It had to happen sooner or later, as all members of the media have to deal with at some point. And in our first case, it comes from an unusual entity, one that we’ve been supportive of and have run literally hundreds of stories for over the years.
The Business Times has been accused of bias for the first time ever under my direction. And as our readers can see on the next page, that accusation comes from none other than the Grand Junction Area Chamber of Commerce.
I could take this personally — which no matter how I look at it, part of me does — and take my sarcasm to a new level with the folks at the chamber. But this is the time to let the facts show our readers what has occurred.
If we can be rightly accused of anything in this case, it’s that we could not get a job in politics or with the CIA. I’ll explain. We put something in writing and e-mailed it to people we know. What we put in writing were the questions we’ve been hearing in regards to the chamber’s 500 Plan — from chamber members, business leaders and the public in general when the topic is brought up in conversation. Was it smart to place the questions in the context they were asked in instead of filtering them? Maybe. Maybe not. After all, we all talk differently in a casual setting versus a professional appointment.
As I mentioned earlier, the Business Times has published hundreds of chamber stories, features and nearly every press release it has sent our way. I can add that when we cover these stories, we go above and beyond in being positive and supportive. I challenge the chamber to find one time we were negative about anything it has done in a news story and not exhibited professional behavior in our reporting. I’ll go one step further: I challenge the chamber to find one news story or press release we’ve published since I have been here and apply any bias.
If I know nothing else about this paper, I know one thing: Mike Moran and Phil Castle are beyond reproach when it comes to unbiased reporting. This year the chamber has received from the Business Times professional coverage about its stimulus package, Blue Bandwagon campaign, 500 Plan and countless other press releases. These are indisputable facts. Another fact is that School District 51 Superintendent Steve Schultz was happy to sit down with us and answer any questions we had, regardless of the context or wording. We even got some of the Grand Junction Forum members to go on the record. While some said the questions we had were a little conversational and a tad out of character for an interview, they also realized that in a professional setting, the questions would be asked appropriately.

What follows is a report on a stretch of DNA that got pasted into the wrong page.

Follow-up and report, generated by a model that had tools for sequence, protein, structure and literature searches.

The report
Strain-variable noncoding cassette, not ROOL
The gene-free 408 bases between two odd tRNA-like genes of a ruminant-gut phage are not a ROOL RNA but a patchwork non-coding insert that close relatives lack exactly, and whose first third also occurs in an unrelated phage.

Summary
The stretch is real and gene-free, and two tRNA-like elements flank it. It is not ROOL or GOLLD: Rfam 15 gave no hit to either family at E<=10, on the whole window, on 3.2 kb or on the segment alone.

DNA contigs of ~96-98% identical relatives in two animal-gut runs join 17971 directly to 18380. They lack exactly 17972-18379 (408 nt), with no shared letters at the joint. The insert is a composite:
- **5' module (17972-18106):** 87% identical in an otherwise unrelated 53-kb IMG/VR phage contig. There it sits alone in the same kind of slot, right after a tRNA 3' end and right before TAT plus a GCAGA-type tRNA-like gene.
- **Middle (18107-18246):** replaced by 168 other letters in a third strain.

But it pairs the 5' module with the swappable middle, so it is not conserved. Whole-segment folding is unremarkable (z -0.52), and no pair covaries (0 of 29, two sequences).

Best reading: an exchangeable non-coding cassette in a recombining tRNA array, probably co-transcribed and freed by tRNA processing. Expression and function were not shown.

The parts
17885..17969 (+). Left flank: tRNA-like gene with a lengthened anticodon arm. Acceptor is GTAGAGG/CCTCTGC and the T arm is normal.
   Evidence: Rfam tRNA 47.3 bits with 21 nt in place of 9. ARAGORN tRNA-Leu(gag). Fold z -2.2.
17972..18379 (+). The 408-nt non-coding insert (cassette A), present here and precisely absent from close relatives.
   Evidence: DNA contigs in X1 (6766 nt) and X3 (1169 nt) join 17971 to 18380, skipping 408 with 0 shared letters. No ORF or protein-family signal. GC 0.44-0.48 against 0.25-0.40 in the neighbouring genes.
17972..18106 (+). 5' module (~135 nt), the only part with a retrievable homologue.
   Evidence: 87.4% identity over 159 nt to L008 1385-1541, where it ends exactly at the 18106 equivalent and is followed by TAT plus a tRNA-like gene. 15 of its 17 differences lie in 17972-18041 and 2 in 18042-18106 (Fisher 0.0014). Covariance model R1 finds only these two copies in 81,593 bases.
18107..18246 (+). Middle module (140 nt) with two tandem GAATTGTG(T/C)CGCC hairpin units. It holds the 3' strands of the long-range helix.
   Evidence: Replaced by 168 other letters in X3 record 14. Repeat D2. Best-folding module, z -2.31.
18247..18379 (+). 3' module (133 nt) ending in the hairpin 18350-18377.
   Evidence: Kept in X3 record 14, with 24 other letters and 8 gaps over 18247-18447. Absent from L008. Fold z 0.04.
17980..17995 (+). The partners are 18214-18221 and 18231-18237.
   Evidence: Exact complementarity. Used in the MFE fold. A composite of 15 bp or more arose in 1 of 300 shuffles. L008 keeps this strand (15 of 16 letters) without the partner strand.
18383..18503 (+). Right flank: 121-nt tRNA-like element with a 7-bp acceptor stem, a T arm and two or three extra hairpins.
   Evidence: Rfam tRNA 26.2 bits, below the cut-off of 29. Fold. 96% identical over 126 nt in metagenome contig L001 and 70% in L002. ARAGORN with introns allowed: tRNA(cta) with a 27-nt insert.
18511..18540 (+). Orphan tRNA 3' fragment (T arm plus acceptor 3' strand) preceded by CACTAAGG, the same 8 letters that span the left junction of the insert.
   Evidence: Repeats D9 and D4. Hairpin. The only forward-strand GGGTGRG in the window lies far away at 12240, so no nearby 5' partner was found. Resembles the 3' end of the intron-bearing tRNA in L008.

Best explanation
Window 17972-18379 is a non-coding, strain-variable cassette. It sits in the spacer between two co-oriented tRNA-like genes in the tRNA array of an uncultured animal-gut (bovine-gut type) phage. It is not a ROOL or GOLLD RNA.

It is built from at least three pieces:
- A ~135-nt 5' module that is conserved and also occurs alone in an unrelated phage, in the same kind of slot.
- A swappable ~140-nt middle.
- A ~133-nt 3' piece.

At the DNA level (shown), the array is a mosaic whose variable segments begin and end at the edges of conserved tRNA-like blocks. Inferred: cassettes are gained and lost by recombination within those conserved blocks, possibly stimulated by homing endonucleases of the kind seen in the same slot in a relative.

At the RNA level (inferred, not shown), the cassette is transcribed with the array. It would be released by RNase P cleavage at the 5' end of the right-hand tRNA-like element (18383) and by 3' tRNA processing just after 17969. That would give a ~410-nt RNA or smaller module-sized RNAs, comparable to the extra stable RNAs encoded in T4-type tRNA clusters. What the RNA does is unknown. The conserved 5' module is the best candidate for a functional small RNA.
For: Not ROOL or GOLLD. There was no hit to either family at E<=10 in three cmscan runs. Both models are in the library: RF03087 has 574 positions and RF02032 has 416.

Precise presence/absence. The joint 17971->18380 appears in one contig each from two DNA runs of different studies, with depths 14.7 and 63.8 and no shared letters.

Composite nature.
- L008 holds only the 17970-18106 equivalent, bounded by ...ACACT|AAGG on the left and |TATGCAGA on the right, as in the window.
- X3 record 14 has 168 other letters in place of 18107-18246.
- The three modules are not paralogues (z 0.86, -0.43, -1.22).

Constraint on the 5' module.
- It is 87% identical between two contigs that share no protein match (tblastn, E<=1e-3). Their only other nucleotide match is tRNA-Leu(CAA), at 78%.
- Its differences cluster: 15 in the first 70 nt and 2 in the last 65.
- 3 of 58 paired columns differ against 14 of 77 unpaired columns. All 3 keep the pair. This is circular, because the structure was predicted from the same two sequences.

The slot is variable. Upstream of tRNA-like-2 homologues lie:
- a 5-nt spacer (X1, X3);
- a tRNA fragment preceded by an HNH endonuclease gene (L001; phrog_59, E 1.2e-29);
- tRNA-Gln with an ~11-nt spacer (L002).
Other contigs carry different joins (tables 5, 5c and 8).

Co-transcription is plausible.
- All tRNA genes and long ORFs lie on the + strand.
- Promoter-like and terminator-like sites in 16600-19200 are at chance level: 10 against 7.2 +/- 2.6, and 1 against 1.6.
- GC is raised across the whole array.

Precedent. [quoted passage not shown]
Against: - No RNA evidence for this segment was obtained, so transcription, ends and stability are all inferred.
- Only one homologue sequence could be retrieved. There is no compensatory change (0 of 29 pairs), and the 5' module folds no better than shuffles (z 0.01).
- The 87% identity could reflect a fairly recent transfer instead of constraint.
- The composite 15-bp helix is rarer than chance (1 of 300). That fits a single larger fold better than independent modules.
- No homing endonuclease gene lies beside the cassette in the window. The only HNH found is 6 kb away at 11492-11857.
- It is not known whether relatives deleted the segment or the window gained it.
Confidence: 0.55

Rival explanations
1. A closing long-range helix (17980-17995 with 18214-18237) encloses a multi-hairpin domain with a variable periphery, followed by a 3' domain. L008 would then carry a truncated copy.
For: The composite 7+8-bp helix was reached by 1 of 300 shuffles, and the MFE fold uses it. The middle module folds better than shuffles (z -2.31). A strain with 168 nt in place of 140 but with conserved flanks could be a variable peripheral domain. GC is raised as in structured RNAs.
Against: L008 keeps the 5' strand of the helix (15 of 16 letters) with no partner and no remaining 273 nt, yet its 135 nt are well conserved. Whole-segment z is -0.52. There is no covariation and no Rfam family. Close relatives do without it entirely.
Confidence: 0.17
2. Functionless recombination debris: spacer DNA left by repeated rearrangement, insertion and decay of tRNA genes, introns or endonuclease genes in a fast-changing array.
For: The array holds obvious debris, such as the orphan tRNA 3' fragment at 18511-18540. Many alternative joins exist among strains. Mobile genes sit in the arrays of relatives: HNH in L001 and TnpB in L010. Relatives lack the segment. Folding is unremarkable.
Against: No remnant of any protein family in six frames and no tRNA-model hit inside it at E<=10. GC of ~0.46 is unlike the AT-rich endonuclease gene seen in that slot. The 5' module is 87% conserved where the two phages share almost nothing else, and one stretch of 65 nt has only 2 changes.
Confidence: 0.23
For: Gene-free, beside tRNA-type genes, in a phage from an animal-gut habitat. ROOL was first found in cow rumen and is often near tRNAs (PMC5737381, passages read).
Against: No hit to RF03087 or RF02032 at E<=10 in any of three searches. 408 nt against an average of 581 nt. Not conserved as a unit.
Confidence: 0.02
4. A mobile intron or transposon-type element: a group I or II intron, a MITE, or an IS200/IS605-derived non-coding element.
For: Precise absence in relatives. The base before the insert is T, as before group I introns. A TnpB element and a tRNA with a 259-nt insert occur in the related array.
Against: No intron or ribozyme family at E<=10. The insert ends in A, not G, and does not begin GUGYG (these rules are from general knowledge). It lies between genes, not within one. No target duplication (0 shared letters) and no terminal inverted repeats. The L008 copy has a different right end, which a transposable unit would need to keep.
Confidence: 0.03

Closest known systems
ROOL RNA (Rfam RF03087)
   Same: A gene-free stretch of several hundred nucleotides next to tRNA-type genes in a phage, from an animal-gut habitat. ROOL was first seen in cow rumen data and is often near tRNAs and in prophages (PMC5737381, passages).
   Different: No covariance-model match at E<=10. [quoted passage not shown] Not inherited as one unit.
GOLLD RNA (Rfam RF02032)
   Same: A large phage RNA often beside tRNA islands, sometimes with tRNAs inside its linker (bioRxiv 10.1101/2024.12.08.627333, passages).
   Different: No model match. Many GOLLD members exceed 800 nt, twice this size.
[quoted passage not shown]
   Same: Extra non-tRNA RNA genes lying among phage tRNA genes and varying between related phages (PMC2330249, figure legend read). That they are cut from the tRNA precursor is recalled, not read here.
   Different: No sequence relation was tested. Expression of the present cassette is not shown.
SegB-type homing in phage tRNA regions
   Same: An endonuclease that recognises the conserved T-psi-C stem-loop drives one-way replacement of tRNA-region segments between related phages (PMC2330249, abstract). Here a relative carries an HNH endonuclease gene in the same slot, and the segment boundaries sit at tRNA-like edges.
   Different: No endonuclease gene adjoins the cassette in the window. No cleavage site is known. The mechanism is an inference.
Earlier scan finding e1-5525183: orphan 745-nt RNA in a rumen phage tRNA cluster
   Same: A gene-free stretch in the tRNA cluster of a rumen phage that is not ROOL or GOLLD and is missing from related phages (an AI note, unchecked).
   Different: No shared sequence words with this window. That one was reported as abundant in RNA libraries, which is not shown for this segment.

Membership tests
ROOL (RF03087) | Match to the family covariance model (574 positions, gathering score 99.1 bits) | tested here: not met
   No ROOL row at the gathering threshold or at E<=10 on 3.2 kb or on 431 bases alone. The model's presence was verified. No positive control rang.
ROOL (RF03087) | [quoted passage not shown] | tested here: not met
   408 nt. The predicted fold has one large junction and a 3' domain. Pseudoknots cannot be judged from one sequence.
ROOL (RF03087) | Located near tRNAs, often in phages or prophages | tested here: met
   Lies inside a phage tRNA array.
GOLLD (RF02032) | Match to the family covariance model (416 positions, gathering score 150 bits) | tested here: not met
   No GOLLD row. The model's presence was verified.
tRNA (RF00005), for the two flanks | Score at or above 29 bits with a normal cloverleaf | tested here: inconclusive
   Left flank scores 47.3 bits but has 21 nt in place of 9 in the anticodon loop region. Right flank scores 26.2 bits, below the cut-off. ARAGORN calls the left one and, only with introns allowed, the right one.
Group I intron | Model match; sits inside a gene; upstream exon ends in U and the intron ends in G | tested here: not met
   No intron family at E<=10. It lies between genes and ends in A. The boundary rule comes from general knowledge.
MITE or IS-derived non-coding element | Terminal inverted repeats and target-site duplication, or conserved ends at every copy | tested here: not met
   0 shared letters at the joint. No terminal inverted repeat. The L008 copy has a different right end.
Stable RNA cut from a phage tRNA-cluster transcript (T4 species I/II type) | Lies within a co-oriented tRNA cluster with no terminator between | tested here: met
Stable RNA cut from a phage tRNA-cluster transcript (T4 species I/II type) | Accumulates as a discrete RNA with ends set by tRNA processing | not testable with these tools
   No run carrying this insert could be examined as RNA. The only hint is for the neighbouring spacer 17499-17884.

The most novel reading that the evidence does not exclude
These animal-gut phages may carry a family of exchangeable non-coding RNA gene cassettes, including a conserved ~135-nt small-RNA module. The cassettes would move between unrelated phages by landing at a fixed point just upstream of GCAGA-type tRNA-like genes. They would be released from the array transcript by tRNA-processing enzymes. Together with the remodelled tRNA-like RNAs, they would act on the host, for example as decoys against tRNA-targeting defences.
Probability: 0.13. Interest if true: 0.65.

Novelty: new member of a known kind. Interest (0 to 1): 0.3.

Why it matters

So what happened all of the sudden? What made the chamber send us the “no comment” response and then, of course, send us comments in the form of a letter to the editor? What could the chamber possibly point to in knowing the paper was about to do a negative story inundated with misinformation and misconceptions? The short answer is it cannot.
I can only think of two things that have occurred that would cause the change in the chamber’s tone: The Business Times started asking questions about chamber programs the chamber perceived to be negative and the publisher of this paper wrote some columns with some very specific concerns that hit the chamber in a way in which it is not accustomed.
As for the story questions, I would think the chamber would welcome inquiries into what it;s doing, if only to solidify its position and actions in the community. The chamber should realize we’re asking questions as a member of the chamber, a member of the media and a member of the community these programs propose to affect. While the Business Times is no longer a member of the chamber, the questions the paper asked should not be worrisome for the veteran business members of the chamber staff and its boards. It is our mission — and should be the chamber’s — to give the people of this valley all the information they demand.
On the other hand, I wrote some opinionated columns on how I personally felt about the chamber and its overreach into the private and institutional sectors. For my efforts I’ve received, let’s say, “interesting”
e-mails from people at the chamber and its board members. Additionally, I’ve heard stories from business professionals in the community about the response of chamber staff when my name or the name of the paper is mentioned. Truth be told, those reactions matter little to me. In a way, it’d be interesting to hear the context the paper’s (and my) name was taken into during the board meeting where every board member agreed to send the letter to the editor, but I doubt they’d publish that.
There’s one thing we heard from the chamber that does stick with me on this episode: ”It all goes back to the buy local thing.”
Huh. Right about the time we asked a few questions and I started writing about the chamber. Maybe the chamber has some new questions coming its way.
Craig Hall is owner and publisher of the Business Times. Reach him at 424-5133 or firstname.lastname@example.org.